Microsoft Facing EU Antitrust Case Over Teams/Office Bundle


Microsoft’s Teams product has reportedly made it the target of an antitrust probe in Europe.

The tech giant will be formally investigated by the European Commission (EC) over claims that it is unfairly packaging the video conferencing app with its Office software, the Financial Times reported Monday (July 17), citing sources familiar with the watchdog’s thinking. 

Two of the sources said the EC could formally charge Microsoft as soon as the fall. A spokesperson for the company told PYMNTS Microsoft continues “to engage cooperatively with the commission in its investigation and are open to pragmatic solutions that address its concerns and serve customers well.” 

The EC declined to comment when reached by PYMNTS. The FT notes that Microsoft had offered in negotiations with the EU to stop forcing Office customers to have Teams automatically installed on their devices.

And as reported here in May, the company had also apparently told EU officials it would be willing to charge for Teams in an effort to avoid an investigation.

Under its offer to the EU, Microsoft would give buyers the choice of two prices for its Office productivity suite, one with Teams and one without.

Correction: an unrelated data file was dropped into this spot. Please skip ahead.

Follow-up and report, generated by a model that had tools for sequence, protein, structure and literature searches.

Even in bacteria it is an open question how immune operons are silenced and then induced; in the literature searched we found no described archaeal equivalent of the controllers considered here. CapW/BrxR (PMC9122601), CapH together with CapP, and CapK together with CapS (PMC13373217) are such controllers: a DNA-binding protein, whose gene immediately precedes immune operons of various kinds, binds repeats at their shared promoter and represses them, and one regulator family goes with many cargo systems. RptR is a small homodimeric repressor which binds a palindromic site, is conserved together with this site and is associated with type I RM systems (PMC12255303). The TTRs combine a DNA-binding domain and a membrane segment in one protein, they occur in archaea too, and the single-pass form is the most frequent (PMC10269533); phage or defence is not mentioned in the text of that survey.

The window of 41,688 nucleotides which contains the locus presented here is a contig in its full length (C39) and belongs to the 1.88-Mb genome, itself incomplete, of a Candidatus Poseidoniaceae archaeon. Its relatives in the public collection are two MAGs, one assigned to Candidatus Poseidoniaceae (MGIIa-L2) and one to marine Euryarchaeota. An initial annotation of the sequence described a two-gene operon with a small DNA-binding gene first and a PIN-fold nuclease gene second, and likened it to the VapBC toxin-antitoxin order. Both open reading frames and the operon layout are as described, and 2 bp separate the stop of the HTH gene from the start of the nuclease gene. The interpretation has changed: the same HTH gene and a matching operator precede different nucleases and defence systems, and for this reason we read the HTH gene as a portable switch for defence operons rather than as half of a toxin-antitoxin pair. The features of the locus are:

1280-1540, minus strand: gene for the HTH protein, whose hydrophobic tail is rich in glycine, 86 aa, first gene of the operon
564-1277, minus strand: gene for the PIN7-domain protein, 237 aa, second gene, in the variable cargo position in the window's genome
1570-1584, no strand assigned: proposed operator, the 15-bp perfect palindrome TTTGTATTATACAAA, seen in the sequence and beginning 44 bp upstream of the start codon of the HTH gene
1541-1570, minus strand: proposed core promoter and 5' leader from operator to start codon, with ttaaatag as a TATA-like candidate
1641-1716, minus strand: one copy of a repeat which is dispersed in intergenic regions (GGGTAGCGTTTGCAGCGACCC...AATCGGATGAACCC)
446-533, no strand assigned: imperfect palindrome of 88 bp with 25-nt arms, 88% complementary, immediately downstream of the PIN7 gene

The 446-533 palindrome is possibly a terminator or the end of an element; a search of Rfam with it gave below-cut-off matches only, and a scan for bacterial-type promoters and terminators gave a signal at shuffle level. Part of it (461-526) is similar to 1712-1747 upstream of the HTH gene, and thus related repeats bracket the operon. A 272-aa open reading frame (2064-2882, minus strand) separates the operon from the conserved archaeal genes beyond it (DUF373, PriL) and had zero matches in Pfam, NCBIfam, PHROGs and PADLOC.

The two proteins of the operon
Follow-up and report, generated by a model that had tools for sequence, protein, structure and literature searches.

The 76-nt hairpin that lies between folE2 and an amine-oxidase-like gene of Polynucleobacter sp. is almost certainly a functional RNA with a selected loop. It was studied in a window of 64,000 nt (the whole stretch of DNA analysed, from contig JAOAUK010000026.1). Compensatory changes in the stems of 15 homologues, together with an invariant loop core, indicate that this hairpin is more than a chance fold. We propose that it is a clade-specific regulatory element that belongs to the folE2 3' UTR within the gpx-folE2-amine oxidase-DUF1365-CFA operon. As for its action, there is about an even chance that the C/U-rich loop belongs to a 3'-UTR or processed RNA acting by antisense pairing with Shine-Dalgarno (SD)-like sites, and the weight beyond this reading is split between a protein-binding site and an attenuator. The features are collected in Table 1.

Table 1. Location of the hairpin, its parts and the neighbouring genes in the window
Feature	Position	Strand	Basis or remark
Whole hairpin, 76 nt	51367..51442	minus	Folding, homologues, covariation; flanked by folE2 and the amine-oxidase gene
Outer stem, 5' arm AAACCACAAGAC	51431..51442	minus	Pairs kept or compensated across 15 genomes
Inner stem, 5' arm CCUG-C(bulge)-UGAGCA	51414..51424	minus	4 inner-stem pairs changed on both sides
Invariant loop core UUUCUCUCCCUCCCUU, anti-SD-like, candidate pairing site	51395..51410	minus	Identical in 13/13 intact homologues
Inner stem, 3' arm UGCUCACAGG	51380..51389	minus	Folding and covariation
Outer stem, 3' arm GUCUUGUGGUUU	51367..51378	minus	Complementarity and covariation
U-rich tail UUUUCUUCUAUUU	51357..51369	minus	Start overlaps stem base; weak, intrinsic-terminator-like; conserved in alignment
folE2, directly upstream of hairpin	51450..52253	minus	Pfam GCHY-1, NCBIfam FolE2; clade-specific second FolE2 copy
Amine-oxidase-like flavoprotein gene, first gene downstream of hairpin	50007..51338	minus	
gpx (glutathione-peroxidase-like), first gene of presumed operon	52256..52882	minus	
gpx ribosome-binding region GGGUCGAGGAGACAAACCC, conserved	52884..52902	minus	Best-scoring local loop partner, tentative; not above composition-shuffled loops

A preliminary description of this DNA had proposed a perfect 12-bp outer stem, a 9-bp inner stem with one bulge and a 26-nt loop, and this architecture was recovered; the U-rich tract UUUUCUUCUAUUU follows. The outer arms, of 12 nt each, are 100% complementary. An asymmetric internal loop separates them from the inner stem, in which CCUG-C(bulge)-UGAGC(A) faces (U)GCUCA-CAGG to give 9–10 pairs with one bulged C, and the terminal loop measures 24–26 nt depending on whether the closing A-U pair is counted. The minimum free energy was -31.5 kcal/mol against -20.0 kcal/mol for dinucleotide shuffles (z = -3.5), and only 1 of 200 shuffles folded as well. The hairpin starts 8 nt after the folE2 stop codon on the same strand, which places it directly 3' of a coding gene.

However, sources told the FT that talks had broken down over the question of whether Microsoft’s proposed concessions would only apply to the EU, with officials wanting for these changes to be implemented around the world.

And while talks were reportedly continuing this week, sources said it was “very unlikely” Microsoft would be able to escape a formal investigation.

The reported investigation is happening amid a number of antitrust actions against tech giants on both sides of the Atlantic.

For example, last month saw reports that the U.S. Federal Trade Commission (FTC) plans to file a wide-ranging antitrust suit dealing with Amazon’s key online marketplace.

A report by Bloomberg News — citing documents and and sources familiar with the case — said the suit will argue that Amazon uses its power to punish merchants that don’t use its logistics services, while rewarding the merchants who do.